Peterborough MP: Time to value workers in social care

Many of my constituents work in social care. This profession is just as important as our NHS in helping to support our community. Those working in care homes and in the community across our city should know they are valued, just as we value our hard-working doctors and nurses, writes Peterborough MP Paul Bristow.
Social care of a senior woman at home. Picture: Adobe Stock YPN-190417-163413062Social care of a senior woman at home. Picture: Adobe Stock YPN-190417-163413062
Social care of a senior woman at home. Picture: Adobe Stock YPN-190417-163413062

Let me declare a couple of interests. Until the election, I owned a communications consultancy that works in health and social care. My wife works for the same company and both my parents were nurses. My dad managed nursing homes until he retired, while my mum was a Deputy Sister in a residential home, caring for people with dementia.

I know how hard those staff in care homes work each day. It’s often a job that goes without much reward. Pay can be low and recognition is often lacking. But it is crucial.

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The National Audit Office estimates that 1.3 million people do these jobs. Another group, the Centre for Workforce Intelligence, have suggested that an extra 660,000 care workers will be needed by 2035, if we are to keep pace with the demand for care. When you consider that more than a third of staff switch jobs, or move out of the sector each year, you can begin to see the challenge.

These are worrying figures for Peterborough families who rely on this service. So why do we have a problem recruiting and retaining social care staff?

Pay is clearly a factor, but not the only one. Too often the profession is held in low esteem, which makes it difficult for some providers to recruit and retain staff. The prestige of roles in care – for example, care workers and nurses – is a lot lower than for their counterparts in the NHS.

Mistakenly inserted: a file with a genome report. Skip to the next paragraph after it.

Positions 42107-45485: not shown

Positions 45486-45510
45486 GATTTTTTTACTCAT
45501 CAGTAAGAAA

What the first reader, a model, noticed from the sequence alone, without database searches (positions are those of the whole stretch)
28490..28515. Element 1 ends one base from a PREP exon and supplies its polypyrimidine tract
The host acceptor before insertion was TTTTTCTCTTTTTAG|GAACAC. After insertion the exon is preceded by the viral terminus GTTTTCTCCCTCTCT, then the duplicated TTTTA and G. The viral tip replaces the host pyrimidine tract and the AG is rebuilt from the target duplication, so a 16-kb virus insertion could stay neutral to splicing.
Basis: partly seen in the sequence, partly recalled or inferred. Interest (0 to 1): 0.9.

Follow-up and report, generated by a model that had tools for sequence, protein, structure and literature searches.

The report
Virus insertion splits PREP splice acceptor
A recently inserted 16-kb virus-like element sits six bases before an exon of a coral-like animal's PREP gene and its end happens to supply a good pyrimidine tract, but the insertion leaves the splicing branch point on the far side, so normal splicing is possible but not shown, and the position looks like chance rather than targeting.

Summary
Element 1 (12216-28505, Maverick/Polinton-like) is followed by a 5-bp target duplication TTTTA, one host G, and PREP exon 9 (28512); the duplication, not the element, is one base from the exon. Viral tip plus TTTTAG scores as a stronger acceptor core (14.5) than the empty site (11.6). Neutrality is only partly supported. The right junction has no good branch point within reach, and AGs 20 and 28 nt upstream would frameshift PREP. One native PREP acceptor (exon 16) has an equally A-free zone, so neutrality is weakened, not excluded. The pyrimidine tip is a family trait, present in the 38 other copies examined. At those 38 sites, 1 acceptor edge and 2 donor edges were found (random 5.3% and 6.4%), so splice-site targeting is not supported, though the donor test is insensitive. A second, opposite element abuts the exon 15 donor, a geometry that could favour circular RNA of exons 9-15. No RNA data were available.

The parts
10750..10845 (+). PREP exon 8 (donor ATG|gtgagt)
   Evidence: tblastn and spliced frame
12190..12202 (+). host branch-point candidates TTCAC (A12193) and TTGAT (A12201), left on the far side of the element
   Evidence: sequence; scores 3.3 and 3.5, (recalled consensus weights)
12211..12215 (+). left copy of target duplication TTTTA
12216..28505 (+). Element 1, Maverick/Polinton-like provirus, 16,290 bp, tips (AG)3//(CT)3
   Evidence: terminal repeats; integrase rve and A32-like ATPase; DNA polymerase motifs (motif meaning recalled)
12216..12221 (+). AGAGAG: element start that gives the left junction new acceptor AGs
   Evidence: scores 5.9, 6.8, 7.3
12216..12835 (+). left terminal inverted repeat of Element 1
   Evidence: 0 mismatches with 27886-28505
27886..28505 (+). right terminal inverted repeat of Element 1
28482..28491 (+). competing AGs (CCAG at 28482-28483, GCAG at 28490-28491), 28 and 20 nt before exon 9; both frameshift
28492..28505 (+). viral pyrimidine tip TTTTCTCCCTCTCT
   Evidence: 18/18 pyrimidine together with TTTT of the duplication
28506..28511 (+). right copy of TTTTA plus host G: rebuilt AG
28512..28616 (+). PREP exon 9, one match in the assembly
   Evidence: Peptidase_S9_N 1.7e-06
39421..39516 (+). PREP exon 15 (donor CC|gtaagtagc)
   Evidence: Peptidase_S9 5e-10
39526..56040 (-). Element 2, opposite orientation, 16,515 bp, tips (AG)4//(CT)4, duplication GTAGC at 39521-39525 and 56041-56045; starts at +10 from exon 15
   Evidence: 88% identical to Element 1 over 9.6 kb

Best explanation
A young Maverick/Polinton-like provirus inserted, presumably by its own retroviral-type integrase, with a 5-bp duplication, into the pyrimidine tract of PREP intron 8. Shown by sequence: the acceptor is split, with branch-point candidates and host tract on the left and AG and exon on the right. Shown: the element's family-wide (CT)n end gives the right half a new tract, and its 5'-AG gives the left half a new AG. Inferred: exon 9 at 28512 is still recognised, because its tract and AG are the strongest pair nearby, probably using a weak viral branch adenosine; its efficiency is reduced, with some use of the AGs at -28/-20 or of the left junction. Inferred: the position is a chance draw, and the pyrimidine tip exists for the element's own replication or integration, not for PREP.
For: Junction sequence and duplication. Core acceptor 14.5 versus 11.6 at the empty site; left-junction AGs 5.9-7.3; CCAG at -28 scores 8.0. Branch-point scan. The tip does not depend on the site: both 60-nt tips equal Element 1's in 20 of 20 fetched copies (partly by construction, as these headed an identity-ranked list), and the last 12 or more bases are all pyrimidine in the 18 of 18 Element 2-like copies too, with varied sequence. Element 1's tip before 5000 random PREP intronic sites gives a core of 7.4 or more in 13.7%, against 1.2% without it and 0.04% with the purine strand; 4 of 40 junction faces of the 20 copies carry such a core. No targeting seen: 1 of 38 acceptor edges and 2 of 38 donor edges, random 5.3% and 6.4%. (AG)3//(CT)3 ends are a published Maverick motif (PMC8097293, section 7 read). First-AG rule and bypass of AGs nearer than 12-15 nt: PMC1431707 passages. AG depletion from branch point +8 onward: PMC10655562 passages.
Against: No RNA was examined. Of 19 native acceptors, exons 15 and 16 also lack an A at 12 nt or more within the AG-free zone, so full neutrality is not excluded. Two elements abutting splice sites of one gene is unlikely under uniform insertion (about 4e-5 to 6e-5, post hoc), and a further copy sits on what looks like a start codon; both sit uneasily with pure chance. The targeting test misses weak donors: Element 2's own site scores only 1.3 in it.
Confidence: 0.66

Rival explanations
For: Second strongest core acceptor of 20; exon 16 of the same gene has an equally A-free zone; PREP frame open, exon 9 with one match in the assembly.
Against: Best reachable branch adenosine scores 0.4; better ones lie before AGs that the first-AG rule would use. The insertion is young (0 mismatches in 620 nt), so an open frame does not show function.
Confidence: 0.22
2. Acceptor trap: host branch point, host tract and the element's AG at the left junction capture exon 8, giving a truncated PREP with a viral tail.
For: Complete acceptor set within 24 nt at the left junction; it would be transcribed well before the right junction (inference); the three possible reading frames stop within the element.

Yet, we still use terms like “low-skilled worker” in relation to care staff. This language and perception needs to be challenged. We need greater emphasis on professional structures, career development, and appropriate reward.

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We also need to celebrate these roles and show how rewarding and fulfilling they can be. After all, this is about looking after people. Those people are our grandparents, our fathers and mothers, our uncles and aunts, and in some cases our children. One day, they are likely to be looking after us. Given the wide readership of this paper, they may already be looking after you.

It takes a people person – and if you’re a people person, it gives back. I will never forget a constituent telling me about their job in social care. He said that every day he got to talk and listen to people who became his friends. “I felt I was cheating by calling it work.”

Don’t get me wrong. Social care is hard, sometimes literally requiring heavy lifting and often involving emotional distress. Yet it’s also a career that can be rewarding.

Rightly, politicians talk about our hardworking doctors and nurses. When I use that phrase in future, I will remember to add social care workers. We can demonstrate our thanks in small ways, and in large ones. I hope that in Peterborough, at least, we will stop viewing care work as a ‘minimum wage’ job that shouldn’t be valued.

We have great people working in the sector and our city needs them.

Do you support my campaign for parity of esteem for social care workers - email me on [email protected]